£18,600 minimum wage requirement
The Supreme Court has ruled that the minimum income requirement (MIR) that prevents thousands of British citizens from bringing a foreign spouse to the UK is lawful.
Seven justices at the UK’s highest court announced their decision, ruling against a case brought by campaigners against policy introduced by the Coalition Government to stop foreign spouses becoming reliant on taxpayers.
As of 2012, Britons (and people settled in the UK as refugees) must earn more than £18,600 before a husband or wife from outside the European Economic Area (EEA) can join them in living in the UK. The minimum income threshold rises to £22,400 if the couple have a child who does not have British citizenship – and then by an additional £2,400 for each subsequent child.
Under previous rules, the only requirement for a couple was that they demonstrate their ability to maintain themselves in the UK without relying on public funds.
In 2013, the High Court ruled in the couples’ favour, saying that the rules were “onerous and unjustified” with the judge urging the home secretary to rewrite them. However, this decision was overturned at the Court of Appeal, which led to the challenge reaching the Supreme Court.
The Supreme Court ruled that the measure was not considered to breach human rights legislation, despite the Joint Council for the Welfare of Immigrants (JCWI), which is a party to the case, saying British families were being “ripped apart” by the minimum income family visa requirement for British nationals.
Critics claim some 15,000 children have been separated from their parents because of it, and have been dubbed “Skype Kids” as that is often their main form of communication with a parent.
In a series of test cases, couples affected by the policy argued that the rules breached their right to family life.
Two of the claimants are British citizens Abdul Majid and Shabana Javed, who have partners who are Pakistani nationals.
A spokesman for the Home Office said: “The court has endorsed our approach in setting an income threshold for family migration that prevents burdens on the taxpayer and ensures migrant families can integrate into our communities.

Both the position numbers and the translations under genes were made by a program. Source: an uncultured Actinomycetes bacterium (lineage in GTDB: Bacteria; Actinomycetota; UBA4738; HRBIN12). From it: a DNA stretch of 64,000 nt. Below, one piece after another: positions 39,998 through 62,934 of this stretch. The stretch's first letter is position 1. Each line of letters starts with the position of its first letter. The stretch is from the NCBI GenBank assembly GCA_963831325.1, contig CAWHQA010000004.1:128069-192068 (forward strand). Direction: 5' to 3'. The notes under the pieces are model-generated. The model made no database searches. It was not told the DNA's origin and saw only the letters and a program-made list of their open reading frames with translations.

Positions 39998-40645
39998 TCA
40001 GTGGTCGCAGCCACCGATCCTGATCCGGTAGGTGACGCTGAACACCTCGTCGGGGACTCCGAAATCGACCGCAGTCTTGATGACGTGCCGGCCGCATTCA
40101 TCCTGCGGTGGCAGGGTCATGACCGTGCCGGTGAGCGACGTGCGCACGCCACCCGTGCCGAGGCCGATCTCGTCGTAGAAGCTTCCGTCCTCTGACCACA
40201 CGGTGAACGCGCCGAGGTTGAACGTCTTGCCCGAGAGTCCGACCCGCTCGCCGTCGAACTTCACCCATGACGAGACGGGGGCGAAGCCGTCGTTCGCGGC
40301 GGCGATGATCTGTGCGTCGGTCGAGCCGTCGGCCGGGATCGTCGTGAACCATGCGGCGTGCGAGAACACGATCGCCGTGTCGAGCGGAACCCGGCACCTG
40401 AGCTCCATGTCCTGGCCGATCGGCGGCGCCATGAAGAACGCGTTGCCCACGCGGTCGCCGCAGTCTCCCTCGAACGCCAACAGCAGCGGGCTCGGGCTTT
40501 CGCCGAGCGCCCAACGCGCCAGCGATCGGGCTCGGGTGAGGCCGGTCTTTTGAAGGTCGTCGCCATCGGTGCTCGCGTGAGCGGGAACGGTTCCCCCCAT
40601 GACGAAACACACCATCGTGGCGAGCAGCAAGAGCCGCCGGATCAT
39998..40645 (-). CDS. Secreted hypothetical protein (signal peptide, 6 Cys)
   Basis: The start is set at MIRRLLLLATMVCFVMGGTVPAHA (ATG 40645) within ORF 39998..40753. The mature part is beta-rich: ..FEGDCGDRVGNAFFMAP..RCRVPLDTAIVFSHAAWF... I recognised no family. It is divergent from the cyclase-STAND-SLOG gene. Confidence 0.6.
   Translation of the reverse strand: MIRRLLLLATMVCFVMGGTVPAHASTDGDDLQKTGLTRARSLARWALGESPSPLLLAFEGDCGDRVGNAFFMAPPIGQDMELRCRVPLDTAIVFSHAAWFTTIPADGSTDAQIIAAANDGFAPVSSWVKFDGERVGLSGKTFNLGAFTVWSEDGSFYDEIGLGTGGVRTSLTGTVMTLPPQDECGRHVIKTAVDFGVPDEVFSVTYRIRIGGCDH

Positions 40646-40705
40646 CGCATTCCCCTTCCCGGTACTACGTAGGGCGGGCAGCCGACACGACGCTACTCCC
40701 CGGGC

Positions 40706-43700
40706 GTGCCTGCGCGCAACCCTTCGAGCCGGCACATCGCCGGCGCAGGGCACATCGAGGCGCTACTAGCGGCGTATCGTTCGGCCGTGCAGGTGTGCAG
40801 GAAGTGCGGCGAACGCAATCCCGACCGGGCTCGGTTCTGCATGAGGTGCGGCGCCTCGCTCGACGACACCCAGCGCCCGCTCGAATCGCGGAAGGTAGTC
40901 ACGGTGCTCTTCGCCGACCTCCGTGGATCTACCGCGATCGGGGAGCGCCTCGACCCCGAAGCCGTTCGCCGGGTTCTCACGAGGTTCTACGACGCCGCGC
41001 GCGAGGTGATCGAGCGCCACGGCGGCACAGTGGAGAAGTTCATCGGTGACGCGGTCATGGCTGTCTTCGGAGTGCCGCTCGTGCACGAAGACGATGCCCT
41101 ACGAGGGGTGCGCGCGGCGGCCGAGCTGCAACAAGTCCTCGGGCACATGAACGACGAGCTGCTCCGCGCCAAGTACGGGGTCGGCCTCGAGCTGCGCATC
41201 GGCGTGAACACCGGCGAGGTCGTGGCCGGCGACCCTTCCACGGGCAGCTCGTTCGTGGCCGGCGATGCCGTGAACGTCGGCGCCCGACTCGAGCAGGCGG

“This is central to building an immigration system that works in the national interest.
“The current rules remain in force but we are carefully considering what the court has said in relation to exceptional cases where the income threshold has not been met, particularly where the case involves a child.”
For the families involved, news that exceptional cases (such as those where children are involved) are being addressed and considered is encouraging, but for many of the families who are living apart, the news that the minimum income requirement has been upheld by Supreme Court is a devastating blow.
“Supreme Court ruling on foreign spouses in UK was sensible, and a legitimate way to use income rules to control immigration.” – @69mib
“UK must worse than Trump! Foreign spouse income limit: Supreme Court rules financial barrier lawful, barring entry to thousands of couples” – @BourkeGary
“Foreign spouse income limit upheld by Supreme Court. Quite right. Should be higher in my opinion.” – @NealE64
“Sad the 18.6k still stands given UK single parent poverty line is £15,132. Even US green card is based around poverty line #MMCase” – @johnsonnicolev
“Cruelty of immigration laws bewildering. What if other countries imposed similar wage conditions? Families cd live literally nowhere #MMcase” – @jonlis1
“The UK gov’t essentially legislates on how rich you need to be to love. You can love a non-EEA citizen, but only if you earn enough #MMCase” – @TomJBentley
“The judgment #dividedfamilies had been waiting long time for. Not what we hoped for but still some positives #MMcase” – @LisaMatthewsRtR
“No words for how disappointed I am by #MMcase ruling. Meeting the requirements cost us our home! How can such discriminatory rules be legal?” – @ElleOsiliWood